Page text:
Tyler Miller is 19 years old and just went to work as a firefighter for the Mauldin Fire Department. Looking ahead, he knows that he can retire in 25 years when he's still in his mid-40s. And for now, the job, which has him on duty for 24 hours and off for 48, is his idea of the perfect career.
Miller was first exposed to the field in the third grade when his best friend drowned. It was the Mauldin Fire Department that responded to the call. Years later, a park was established in Simpsonville in his friend's honor. While visiting the park as a high school senior, Miller met an EMT who talked to him about a career in the emergency medical field. Miller also got involved in the Fire Explorers program, a volunteer opportunity for young people ages 16 to 21. Later, he was mentored by the man who became his boss at the Mauldin Fire Department - Captain Philip Brown.
All of this exposure to the field eventually led Miller to the Fire Service Technology program at Greenville Technical College. Now that he has finished a certificate, Miller has made plans to continue his education and is working on an associate degree in fire service administration. His ultimate goal is already set. He'd like to be the fire marshal in Mauldin.
Miller has found that his education prepared him well for the career. Much of what he has learned went beyond the books. His instructor, a veteran firefighter and former fire chief, used stories from his many years in the career to illustrate points in the textbooks.
Miller's introduction to the job was a rude one, since his first time on the rescue truck was in response to a baby's death, but Miller said he wouldn't trade the career for any other. "Whether it's a cardiac arrest and you save someone's life or it's a burning building that you pull someone out of, it just really gives you something most other jobs don't offer. Being able to help people really puts a smile on your face," he said.
All Kyle Gilstrap of Easley ever really wanted to be was a firefighter. So he became an Explorer at 15, learning about the career, and when he was old enough, he enrolled in Greenville Technical College's Fire Service Technology certificate program.
It took a little over a year after graduation in May 2008 to find a position, but when an opening became available recently at Gantt Fire Department, Gilstrap was ready. The certificate, Gilstrap says, was thorough, and he felt ready for the job thanks to a core curriculum in basic first aid, CPR, incident command, fire behavior, and rescue.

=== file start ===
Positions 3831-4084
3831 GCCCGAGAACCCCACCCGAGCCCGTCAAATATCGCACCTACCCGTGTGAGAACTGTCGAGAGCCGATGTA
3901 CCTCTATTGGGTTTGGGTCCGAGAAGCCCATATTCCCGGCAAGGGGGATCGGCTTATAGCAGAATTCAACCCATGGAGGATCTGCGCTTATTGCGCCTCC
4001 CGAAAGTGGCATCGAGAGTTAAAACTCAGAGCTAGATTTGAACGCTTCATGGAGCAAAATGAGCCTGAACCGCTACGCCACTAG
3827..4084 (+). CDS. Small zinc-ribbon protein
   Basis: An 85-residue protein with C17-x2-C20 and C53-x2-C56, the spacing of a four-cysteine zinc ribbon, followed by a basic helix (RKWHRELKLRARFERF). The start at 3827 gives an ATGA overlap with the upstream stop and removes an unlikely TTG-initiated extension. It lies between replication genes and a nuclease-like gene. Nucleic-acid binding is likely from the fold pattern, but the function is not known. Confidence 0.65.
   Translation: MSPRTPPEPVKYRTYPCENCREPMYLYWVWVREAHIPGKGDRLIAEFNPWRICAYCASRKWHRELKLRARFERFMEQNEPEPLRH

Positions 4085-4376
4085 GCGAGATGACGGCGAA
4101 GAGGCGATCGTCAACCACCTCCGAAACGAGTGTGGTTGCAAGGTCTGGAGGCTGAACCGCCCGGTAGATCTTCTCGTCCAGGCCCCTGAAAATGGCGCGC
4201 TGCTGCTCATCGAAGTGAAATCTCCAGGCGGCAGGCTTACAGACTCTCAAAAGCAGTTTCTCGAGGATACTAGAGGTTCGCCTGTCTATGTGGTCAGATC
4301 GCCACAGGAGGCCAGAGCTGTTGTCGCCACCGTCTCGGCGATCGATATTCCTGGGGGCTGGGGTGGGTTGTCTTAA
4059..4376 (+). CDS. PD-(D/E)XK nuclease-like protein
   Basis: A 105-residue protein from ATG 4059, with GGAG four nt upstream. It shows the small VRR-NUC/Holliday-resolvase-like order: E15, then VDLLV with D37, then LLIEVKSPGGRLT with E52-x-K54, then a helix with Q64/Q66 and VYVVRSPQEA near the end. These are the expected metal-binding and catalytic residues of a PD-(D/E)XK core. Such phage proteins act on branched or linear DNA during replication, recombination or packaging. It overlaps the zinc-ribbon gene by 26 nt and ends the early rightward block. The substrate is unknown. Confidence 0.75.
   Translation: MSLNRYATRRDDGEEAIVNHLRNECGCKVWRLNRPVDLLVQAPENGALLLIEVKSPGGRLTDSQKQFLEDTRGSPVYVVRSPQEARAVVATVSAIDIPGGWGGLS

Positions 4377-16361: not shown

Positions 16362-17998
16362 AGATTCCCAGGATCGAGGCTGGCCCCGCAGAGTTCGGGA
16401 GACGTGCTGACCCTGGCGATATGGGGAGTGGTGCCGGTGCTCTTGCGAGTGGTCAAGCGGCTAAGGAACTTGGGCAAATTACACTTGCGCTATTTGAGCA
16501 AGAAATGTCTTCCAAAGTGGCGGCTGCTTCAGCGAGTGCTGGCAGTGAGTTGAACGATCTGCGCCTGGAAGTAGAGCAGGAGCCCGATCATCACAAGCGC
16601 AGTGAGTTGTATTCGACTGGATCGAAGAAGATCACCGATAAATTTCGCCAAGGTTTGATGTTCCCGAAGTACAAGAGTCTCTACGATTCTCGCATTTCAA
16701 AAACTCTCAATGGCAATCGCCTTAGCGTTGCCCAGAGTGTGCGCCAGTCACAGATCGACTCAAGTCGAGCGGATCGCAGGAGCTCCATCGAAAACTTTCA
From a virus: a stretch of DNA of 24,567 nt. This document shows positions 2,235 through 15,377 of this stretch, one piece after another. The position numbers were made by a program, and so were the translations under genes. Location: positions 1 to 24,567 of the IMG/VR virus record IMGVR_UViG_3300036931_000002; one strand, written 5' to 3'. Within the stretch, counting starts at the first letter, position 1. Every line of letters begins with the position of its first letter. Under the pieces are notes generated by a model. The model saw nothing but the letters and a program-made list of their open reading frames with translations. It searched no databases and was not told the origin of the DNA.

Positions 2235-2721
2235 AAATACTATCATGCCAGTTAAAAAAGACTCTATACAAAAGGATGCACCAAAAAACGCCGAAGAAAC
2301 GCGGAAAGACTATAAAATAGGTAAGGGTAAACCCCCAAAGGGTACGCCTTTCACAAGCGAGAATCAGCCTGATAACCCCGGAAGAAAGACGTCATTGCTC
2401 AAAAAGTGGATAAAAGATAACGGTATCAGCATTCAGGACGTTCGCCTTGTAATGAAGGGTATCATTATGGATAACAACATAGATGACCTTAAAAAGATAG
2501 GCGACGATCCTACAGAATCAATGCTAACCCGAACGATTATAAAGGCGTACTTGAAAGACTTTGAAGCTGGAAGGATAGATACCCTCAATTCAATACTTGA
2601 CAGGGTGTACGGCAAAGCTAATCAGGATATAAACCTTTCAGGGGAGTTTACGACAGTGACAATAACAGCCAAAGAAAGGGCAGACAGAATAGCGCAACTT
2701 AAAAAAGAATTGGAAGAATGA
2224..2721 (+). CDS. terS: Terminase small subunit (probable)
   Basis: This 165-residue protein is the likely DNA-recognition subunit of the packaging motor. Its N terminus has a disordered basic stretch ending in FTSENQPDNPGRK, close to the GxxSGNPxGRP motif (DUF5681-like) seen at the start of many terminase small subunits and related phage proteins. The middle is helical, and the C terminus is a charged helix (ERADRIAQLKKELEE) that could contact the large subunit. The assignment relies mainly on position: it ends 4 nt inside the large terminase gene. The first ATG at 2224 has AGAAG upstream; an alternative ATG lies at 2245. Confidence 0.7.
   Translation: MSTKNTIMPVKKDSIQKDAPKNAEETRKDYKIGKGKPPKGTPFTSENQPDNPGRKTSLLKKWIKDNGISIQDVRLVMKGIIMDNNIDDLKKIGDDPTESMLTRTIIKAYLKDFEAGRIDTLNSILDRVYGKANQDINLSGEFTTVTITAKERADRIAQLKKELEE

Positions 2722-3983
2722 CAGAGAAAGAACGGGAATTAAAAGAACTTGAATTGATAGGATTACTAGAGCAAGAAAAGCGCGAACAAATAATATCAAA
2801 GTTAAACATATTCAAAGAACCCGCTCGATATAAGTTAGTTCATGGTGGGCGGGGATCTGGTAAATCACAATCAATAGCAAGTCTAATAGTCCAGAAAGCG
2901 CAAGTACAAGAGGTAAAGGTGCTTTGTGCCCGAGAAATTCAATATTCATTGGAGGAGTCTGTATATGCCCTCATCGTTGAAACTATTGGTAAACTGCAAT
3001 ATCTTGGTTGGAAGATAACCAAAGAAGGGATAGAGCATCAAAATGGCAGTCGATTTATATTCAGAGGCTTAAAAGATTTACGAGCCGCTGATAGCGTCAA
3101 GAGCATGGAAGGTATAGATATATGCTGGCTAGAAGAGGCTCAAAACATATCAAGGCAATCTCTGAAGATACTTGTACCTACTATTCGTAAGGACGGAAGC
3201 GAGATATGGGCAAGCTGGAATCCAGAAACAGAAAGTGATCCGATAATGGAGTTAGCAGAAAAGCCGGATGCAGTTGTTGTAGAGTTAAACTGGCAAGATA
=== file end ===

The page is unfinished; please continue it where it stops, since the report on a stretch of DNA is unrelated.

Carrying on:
Continuous training takes place for all firefighters, and Gilstrap plans to take advantage of opportunities to learn more. With the credits he's already earned, Gilstrap can complete an associate degree in fire service technology in just two more semesters, giving him the education he needs to some day advance on the job.
Gilstrap appreciates the schedule as much as the career. He works a 24-hour shift and then has 48 hours off, meaning that in an average year, he'll work about 120 days. "This is really all I've ever wanted to do," he says. "I like being able to help people on the job."
Many people seek education in fire service technology so that they can advance through the ranks and eventually become fire chief. Wesley Williams, who is currently chief of the Simpsonville Fire Department, knows that even when you're the chief, education is essential.
With further education, Williams knows that he's prepared to do the best job possible in Simpsonville, and should the opportunity come along some day to lead an even larger fire department, he'll be prepared. "In the fire service today, to be in this position that I'm in, education is a must," he says. "I want to be ready for the future."
Williams is enrolled in Greenville Technical College's associate degree in Fire Service Technology, and his classmates are other fire service professionals. The classes are offered online, so that people like Williams can work full-time and still prepare for the future.
When Williams entered the profession 19 years ago, fire service training was offered only at the Fire Academy in Columbia. Having education available in the Upstate, he says, improves the field. "It keeps guys here locally, and it gives them opportunities to advance in their education and to take that step forward," he says. "It's not just becoming a firefighter. They need education to become officers and then fire chiefs. I think by giving them an opportunity to get their education while they're young, it prepares them for their future."